The information which follows is the opinion of the named author(s).
It does not necessarily constitute the opinion of The Prostate Cancer InfoLink or of
CoMed Communications, Inc.
Three-Dimensional Conformal Radiation Therapy (3DCRT) for Prostate Cancer
Part 1 of 2
Jeff M. Michalski, MD,
Carlos A. Perez, MD, and James A. Purdy, PhD
[divided only to help load time - go to Part 2]
Radiation Oncology Center, Mallinckrodt Institute of Radiology,
Washington University Medical Center, St. Louis, Missouri
Originally Received July 6, 1996; Last Revised July 8, 1996
What is 3DCRT? |
How is 3DCRT planned?
The following are found in Part 2
How is 3DRCT delivered? |
What are the side effects of radiation therapy? |
Is 3DCRT better than conventional radiation therapy? |
What studies are currently ongoing investigating 3DCRT for prostate cancer? |
What will the future hold for 3DCRT and the treatment of prostate cancer? |
This article is arranged as a mini-"FAQ" -- a short list of
answers to frequently asked questions for patients with prostate cancer
and their families. It certainly is not an exhaustive
scientific literature review. Comments and suggestions are
welcome, and can be sent to the authors by using the e-mail address links above.
Radiation therapy has been used to treat prostate cancers
for decades. It plays an important role in the curative
management of patients with early stage disease and also for
the palliation of symptoms from advanced or metastatic
Technical developments have made incremental improvements
in the delivery of high dose radiation therapy for the
curative treatment of prostate cancer. In the 1970s,
medical linear accelerators were designed and developed that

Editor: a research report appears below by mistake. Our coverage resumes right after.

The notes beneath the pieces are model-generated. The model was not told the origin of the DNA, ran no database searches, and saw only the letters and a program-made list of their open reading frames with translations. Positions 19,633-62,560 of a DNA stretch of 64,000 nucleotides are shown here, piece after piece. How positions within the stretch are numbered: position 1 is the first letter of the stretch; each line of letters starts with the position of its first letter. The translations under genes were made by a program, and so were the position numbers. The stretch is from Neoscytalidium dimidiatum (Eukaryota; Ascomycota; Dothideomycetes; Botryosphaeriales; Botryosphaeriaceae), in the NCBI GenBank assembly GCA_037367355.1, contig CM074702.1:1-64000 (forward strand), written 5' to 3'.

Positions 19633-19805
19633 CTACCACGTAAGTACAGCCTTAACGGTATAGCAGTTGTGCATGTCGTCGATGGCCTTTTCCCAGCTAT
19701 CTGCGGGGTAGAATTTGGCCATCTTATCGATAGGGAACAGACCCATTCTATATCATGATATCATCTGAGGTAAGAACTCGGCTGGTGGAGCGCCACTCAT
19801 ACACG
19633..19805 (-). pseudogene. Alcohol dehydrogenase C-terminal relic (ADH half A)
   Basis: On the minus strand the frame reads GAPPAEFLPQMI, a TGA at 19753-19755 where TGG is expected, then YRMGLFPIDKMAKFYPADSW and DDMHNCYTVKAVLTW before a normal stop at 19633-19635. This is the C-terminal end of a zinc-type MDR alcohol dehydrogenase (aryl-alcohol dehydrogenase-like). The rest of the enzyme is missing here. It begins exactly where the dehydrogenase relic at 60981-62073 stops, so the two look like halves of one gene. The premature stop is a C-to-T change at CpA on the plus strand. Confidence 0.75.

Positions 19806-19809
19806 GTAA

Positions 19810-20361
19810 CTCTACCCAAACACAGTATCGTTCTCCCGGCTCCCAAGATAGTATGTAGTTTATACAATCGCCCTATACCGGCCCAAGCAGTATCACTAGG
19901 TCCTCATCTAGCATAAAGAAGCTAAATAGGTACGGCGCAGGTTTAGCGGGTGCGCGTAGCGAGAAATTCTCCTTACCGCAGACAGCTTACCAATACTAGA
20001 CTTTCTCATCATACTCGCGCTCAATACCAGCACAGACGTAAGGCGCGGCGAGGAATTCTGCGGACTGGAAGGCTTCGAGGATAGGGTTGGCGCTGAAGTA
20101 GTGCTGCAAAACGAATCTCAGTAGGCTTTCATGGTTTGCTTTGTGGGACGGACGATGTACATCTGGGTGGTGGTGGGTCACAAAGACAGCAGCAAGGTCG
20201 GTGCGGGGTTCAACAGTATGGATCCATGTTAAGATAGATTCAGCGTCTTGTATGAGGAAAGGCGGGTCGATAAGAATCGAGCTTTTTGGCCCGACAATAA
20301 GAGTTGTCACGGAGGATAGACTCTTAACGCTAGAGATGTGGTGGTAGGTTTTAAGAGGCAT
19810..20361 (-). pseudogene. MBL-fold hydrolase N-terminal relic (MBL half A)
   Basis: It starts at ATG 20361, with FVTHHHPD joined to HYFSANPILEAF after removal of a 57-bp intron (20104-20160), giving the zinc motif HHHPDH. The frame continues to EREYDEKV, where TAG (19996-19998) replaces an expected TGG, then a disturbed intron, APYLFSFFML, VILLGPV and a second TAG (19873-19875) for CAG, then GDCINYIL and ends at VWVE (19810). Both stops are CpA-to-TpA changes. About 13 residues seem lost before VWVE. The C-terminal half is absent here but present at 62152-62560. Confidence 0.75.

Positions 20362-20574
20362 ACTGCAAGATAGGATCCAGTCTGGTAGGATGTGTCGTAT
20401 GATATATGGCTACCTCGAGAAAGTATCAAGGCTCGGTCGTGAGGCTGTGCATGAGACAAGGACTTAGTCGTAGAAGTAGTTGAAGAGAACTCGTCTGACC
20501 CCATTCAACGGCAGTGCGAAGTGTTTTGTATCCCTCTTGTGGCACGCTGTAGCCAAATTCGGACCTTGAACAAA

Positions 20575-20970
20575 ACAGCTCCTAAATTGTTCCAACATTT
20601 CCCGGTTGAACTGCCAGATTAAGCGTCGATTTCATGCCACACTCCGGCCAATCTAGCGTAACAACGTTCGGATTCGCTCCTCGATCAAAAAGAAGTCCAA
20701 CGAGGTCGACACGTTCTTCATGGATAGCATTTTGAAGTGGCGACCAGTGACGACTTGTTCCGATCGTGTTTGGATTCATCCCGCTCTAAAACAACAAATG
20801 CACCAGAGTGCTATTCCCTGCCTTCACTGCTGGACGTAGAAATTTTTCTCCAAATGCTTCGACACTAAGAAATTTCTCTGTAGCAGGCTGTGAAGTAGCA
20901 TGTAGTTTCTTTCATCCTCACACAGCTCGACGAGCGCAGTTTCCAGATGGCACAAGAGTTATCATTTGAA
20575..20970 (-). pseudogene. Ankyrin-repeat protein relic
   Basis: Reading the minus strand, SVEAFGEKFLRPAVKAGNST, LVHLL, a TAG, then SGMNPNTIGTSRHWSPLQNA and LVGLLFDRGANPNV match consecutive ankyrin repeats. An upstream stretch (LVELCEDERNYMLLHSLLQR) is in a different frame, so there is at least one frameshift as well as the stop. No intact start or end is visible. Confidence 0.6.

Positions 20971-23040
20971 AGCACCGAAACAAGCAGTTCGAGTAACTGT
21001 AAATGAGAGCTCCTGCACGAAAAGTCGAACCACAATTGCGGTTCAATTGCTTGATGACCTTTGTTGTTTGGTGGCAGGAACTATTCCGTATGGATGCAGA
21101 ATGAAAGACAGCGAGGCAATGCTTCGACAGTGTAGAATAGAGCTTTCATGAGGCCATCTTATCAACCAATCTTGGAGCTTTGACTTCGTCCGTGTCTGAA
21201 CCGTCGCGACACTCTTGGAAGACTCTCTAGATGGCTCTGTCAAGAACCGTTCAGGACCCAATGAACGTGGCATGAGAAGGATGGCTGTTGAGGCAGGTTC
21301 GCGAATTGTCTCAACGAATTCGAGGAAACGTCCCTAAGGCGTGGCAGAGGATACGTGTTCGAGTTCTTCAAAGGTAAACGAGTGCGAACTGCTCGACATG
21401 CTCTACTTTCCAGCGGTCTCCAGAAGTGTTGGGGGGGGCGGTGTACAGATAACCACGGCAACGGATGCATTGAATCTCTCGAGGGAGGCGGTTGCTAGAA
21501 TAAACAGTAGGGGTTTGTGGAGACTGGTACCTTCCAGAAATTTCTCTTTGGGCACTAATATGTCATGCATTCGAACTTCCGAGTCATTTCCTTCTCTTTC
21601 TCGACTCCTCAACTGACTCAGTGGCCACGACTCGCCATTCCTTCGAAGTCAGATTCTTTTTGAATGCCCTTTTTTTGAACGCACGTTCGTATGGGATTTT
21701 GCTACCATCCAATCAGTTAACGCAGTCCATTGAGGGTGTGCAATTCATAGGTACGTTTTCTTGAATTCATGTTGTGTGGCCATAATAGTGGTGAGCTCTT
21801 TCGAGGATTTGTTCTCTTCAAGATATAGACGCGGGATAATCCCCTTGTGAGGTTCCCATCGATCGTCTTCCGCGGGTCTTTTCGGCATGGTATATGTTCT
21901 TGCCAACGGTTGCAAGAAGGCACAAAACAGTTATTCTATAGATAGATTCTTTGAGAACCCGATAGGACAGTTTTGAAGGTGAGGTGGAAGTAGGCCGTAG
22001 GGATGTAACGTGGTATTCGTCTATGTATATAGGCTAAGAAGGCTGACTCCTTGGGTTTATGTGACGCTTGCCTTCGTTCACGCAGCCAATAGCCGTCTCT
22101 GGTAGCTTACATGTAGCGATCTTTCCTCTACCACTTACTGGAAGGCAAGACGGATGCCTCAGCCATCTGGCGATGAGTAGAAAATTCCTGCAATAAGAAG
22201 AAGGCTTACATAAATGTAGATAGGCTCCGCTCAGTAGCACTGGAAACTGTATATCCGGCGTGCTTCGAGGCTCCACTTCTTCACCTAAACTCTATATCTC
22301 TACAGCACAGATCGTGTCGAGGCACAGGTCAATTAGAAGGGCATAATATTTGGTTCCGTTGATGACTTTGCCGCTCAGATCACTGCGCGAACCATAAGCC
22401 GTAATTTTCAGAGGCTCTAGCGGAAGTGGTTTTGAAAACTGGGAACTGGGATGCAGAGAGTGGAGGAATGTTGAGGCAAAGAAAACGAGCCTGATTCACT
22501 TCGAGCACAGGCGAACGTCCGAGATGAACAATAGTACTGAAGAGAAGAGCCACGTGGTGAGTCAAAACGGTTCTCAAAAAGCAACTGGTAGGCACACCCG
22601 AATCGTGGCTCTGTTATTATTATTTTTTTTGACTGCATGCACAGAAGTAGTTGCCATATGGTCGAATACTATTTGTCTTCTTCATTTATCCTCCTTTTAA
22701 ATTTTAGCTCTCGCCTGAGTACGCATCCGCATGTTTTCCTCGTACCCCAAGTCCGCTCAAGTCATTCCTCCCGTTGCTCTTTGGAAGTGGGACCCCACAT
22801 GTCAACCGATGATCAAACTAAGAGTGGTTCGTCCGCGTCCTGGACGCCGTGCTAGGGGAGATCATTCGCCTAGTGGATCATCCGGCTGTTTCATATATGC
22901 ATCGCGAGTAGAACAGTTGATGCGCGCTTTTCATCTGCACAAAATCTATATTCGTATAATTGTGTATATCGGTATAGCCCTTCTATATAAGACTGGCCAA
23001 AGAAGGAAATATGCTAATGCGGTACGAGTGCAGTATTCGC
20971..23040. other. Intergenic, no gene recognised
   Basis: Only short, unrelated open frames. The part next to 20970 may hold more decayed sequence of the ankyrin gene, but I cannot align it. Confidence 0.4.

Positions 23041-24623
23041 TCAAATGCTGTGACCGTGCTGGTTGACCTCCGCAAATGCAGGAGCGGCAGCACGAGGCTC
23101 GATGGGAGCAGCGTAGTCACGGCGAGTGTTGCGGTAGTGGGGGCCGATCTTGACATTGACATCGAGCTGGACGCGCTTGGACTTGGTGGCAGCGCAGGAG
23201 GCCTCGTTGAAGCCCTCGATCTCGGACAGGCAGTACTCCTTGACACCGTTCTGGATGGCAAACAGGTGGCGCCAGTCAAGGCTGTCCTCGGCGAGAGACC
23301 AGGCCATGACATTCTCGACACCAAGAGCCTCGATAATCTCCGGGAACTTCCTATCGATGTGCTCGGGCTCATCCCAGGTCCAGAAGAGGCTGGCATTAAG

could deliver high doses of radiation therapy to deep parts
of the anatomy, while sparing the superficial tissues.
Despite the high energy X-ray beams that spare superficial
normal tissues, organs adjacent to the cancer often received
large volumes of high dose radiation therapy. This large
treatment volume was required to assure that the cancer was
always treated. If too small radiation fields were used to
avoid treating the normal tissues, there was a risk that the
radiation would not adequately treat the cancer [1, 2]. Many
radiation oncologists, and their patients, would accept the
extra radiation dose to the normal adjacent organs in order
to assure adequate coverage of the prostate target volume.
This "extra" radiation is partly responsible for the side
effects and complications that accompany high dose curative
radiation therapy. In order to keep the complication rates
at an acceptable level, most physicians would keep the total
radiation dose to a moderate and safe range. There is
evidence that higher radiation doses may cure more prostate
cancers but this would be at too great a risk with